Capital Metro announces plan to expand public safety department

Capital Metro officials said the expanded department will accommodate growth and better align with the agency's security needs. (Benton Graham/Community Impact Newspaper)
Capital Metro officials said the expanded department will accommodate growth and better align with the agency's security needs. (Benton Graham/Community Impact Newspaper)

Capital Metro officials said the expanded department will accommodate growth and better align with the agency's security needs. (Benton Graham/Community Impact Newspaper)

Capital Metro provided details around its plan to expand its public safety department, which would add transit-specific police, intervention specialists and public safety ambassadors.

The updated approach to public safety began in early 2020. Capital Metro has already hired two community intervention specialists and a public safety ambassador supervisor.

According to a survey conducted by Capital Metro, 80% of customers said “security is good and do not seem to fault CapMetro for safety issues.” However, Gardner C. Tabon, Capital Metro chief safety officer, said many respondents said they would feel safer with a greater security presence.

“[The Austin Police Department], although stretched, is providing a good service for us. They really are a great partner to us. They are responding in a way that our customers are feeling OK,” Tabon said. “When you're expanding a service, you're adding services, as we are currently in the process of doing; it's good to prepare for what's coming.”

In addition, 63% of front-line Capital Metro staff, which includes bus operators and road supervisors, indicated they “view security as needing improvement.”


A three-pronged approach

The transit police would be armed and respond to “specific, escalated public safety situations,” according to Capital Metro documents. They also would have social service skills; respond to transit-related terrorism; and patrol Capital Metro bus stops, transit centers and rail stops.

The intervention specialists and public safety ambassadors would be unarmed. Intervention specialists would receive training for social service needs. Public safety ambassadors would identify safety issues and help connect people with the intervention specialists and transit police.

The cost and number of officers are still being determined, but there would be more public safety ambassadors than police officers, and the force’s size would be comparable to local schools and universities, Tabon said.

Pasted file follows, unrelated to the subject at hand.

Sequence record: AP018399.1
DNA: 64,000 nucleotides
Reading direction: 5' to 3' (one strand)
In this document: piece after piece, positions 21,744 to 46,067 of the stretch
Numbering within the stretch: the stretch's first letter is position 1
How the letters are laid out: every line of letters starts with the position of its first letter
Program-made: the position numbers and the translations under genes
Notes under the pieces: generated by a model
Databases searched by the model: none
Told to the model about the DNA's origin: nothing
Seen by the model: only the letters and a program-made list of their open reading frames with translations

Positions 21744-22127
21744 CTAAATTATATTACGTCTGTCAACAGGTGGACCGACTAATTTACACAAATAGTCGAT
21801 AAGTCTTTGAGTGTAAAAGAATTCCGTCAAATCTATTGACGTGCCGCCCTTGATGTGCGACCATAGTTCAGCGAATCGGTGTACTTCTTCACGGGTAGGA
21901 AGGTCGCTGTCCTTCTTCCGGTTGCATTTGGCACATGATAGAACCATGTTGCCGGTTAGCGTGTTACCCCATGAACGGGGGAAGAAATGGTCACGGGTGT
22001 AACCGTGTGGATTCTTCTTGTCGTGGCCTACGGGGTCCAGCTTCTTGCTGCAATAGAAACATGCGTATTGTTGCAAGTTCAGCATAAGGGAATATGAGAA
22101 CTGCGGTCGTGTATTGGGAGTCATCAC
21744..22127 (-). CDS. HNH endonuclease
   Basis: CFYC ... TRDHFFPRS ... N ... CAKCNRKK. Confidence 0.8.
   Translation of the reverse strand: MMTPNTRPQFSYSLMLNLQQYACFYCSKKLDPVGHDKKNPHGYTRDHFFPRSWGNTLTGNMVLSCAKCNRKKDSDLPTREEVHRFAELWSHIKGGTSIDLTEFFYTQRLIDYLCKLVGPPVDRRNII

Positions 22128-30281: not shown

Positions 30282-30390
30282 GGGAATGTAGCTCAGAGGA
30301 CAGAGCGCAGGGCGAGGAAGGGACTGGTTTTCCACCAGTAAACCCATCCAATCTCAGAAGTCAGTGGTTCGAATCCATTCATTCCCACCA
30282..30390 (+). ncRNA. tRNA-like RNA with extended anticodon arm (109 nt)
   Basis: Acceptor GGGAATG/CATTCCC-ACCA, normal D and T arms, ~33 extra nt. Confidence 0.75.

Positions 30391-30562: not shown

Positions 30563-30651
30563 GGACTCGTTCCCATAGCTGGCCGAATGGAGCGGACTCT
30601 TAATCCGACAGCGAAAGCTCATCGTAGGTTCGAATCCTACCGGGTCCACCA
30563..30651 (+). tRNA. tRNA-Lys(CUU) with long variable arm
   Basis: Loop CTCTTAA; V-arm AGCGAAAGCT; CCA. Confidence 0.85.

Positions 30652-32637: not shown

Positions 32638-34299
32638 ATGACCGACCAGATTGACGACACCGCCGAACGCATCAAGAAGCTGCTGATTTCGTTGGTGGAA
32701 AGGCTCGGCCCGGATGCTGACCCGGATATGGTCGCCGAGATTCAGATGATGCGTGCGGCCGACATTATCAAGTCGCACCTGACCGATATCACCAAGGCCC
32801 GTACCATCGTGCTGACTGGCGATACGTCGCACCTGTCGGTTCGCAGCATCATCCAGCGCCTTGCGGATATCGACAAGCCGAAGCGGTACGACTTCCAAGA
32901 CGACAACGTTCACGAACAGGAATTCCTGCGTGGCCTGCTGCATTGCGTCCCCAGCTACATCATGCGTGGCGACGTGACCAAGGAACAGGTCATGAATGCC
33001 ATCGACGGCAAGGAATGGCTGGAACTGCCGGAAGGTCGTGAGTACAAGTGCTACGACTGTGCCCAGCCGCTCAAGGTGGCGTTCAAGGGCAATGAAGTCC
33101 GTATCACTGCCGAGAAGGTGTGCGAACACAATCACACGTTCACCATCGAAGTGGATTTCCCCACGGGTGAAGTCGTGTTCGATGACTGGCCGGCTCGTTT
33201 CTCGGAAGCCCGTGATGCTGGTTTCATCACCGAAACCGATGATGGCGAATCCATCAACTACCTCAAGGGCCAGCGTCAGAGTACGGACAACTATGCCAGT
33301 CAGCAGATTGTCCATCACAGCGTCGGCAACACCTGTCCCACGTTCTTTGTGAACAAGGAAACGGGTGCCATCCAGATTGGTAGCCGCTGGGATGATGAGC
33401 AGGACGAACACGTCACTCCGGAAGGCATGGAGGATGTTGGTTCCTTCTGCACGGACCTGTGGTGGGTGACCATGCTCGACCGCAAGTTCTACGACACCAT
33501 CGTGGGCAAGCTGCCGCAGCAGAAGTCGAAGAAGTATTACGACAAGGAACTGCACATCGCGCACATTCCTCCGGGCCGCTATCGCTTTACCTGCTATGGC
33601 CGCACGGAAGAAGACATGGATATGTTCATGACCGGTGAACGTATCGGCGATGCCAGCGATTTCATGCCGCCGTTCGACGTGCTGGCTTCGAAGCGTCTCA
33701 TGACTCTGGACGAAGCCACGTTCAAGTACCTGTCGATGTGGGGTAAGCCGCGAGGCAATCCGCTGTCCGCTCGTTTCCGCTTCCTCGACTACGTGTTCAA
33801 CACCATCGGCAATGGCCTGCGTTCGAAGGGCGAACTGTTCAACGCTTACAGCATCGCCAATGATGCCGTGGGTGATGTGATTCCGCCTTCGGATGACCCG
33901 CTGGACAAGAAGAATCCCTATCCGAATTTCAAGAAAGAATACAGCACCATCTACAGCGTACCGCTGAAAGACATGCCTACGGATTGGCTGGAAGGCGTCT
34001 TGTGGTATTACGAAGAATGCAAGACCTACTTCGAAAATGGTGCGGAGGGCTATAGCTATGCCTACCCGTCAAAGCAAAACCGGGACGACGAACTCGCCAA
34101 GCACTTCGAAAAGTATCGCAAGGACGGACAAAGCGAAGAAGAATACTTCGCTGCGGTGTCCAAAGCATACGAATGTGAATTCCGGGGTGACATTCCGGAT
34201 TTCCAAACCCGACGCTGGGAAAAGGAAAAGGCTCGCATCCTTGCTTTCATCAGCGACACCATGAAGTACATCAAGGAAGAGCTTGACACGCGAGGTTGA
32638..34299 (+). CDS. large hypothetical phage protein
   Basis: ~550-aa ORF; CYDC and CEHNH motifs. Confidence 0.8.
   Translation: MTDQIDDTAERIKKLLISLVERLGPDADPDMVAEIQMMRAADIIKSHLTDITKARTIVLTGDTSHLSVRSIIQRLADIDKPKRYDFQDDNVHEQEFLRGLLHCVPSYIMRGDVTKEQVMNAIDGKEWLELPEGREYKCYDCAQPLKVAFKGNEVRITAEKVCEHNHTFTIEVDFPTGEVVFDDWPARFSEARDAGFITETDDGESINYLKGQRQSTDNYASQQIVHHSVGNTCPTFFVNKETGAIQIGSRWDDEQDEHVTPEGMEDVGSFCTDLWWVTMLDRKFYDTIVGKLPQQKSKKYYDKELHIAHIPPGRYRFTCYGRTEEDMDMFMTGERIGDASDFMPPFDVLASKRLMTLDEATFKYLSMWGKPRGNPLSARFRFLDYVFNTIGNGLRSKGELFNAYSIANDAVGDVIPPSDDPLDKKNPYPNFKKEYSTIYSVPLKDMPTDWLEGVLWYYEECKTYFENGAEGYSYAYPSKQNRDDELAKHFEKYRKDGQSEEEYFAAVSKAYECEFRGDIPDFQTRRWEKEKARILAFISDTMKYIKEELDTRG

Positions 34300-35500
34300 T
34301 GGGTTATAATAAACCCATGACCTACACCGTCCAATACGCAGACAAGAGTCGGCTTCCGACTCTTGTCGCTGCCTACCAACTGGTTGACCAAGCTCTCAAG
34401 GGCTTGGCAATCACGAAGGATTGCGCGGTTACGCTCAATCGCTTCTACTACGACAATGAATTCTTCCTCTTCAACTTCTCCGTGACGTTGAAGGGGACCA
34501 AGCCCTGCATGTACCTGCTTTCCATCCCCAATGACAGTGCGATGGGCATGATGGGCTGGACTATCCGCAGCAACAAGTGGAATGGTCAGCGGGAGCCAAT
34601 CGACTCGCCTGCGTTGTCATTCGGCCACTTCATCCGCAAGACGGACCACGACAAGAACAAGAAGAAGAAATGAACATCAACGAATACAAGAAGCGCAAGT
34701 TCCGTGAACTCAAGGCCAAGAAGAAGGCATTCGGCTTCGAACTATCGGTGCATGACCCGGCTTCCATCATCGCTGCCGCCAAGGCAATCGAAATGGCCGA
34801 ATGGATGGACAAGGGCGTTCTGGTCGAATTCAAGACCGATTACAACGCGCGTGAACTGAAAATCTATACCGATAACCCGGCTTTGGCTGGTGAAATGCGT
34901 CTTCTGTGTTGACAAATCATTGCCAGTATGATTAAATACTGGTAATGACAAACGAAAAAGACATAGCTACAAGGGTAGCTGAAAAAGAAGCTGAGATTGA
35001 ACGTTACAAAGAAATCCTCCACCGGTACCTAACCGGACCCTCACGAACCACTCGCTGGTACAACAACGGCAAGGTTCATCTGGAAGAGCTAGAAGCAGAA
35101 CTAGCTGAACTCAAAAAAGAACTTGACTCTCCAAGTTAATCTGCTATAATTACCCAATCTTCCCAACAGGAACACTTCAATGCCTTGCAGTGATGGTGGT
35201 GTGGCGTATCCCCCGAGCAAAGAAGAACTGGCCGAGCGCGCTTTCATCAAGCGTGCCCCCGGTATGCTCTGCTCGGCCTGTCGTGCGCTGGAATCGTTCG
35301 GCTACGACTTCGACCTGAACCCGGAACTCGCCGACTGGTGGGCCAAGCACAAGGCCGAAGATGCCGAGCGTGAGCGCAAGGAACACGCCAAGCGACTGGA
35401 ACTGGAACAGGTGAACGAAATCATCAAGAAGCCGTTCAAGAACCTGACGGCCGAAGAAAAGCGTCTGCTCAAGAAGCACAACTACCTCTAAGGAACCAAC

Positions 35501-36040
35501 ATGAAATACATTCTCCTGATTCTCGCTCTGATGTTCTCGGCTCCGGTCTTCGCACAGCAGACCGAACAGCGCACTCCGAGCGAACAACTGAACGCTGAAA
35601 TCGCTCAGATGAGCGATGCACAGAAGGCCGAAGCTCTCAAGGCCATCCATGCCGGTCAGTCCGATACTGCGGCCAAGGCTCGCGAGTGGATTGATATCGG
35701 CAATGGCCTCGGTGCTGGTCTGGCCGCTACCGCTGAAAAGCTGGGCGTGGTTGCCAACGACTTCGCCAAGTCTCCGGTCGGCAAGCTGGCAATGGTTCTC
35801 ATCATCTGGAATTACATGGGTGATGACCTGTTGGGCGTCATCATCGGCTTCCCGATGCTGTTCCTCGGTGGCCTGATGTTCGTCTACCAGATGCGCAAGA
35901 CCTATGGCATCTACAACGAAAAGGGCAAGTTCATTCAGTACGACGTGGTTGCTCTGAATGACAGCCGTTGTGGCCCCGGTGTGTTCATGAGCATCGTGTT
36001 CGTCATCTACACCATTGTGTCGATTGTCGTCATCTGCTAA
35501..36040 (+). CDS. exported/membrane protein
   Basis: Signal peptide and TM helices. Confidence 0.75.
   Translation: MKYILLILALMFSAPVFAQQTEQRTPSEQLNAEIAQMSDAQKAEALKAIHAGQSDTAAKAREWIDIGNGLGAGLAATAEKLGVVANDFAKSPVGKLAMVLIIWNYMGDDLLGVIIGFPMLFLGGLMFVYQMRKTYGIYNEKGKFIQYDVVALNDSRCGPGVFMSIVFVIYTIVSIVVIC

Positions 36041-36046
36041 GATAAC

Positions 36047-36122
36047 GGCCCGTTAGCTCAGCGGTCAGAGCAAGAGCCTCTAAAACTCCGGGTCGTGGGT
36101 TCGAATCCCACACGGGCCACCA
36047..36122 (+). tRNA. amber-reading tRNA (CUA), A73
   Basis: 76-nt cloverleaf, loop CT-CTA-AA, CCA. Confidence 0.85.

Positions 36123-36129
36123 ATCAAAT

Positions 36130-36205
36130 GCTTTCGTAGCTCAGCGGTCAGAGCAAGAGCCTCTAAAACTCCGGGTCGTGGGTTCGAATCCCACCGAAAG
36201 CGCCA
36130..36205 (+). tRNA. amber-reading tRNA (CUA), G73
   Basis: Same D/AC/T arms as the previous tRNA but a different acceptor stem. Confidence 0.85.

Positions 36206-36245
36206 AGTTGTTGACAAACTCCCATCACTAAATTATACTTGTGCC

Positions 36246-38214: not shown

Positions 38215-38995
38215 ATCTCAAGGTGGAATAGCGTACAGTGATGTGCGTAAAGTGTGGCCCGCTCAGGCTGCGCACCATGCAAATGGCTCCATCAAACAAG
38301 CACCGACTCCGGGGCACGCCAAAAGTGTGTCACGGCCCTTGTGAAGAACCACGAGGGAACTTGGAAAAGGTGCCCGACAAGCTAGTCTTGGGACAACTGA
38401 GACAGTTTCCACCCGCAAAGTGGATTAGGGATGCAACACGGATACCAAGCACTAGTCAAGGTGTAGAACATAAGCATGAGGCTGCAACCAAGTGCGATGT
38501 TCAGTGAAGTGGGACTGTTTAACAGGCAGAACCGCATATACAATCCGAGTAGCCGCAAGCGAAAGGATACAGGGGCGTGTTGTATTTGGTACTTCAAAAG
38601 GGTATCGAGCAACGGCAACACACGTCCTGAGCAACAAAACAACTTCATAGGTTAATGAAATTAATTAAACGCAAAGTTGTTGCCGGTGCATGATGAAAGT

Creating the transit police force would take around 18 months, Tabon added.

As a part of the effort, Capital Metro would also create a committee to oversee the public safety department.

The public safety vision

APD responds to security incidents for Capital Metro, but the public transit agency’s chief operating officer, Dottie Watkins, said the expanded public safety department would allow the agency to offer services in line with its security needs.

“We want to be purposeful and collaborative and supportive of both our customers and our transit system at the same time and really make sure that we're not saying, ‘Hey, this guy's causing a problem, let's call a cop,' when what we really needed was a social worker,” Watkins said.

“The Austin Police Department is a great partner, always has been and always will be, but their mission is much broader than what we need as a system of our size today and definitely as we look to grow over the next decade,” she added.

According to a Capital Metro spokesperson, the board of directors will vote during its Aug. 30 meeting on a resolution to include sufficient funding in next year's budget to continue the public safety department expansion efforts. The board will then vote on the proposed budget, which includes approximately $590,000 for hiring and other operational costs for transit police, during its meeting Sept. 27.
By Benton Graham

Metro Reporter, Austin

Benton joined Community Impact Newspaper as a metro reporter covering transportation in Central Texas in June 2021. Benton's writing has appeared in Vox, The Austin Chronicle, Austonia and Reporting Texas. Originally from Minneapolis, Benton graduated from William & Mary and eventually moved to Austin in 2018.



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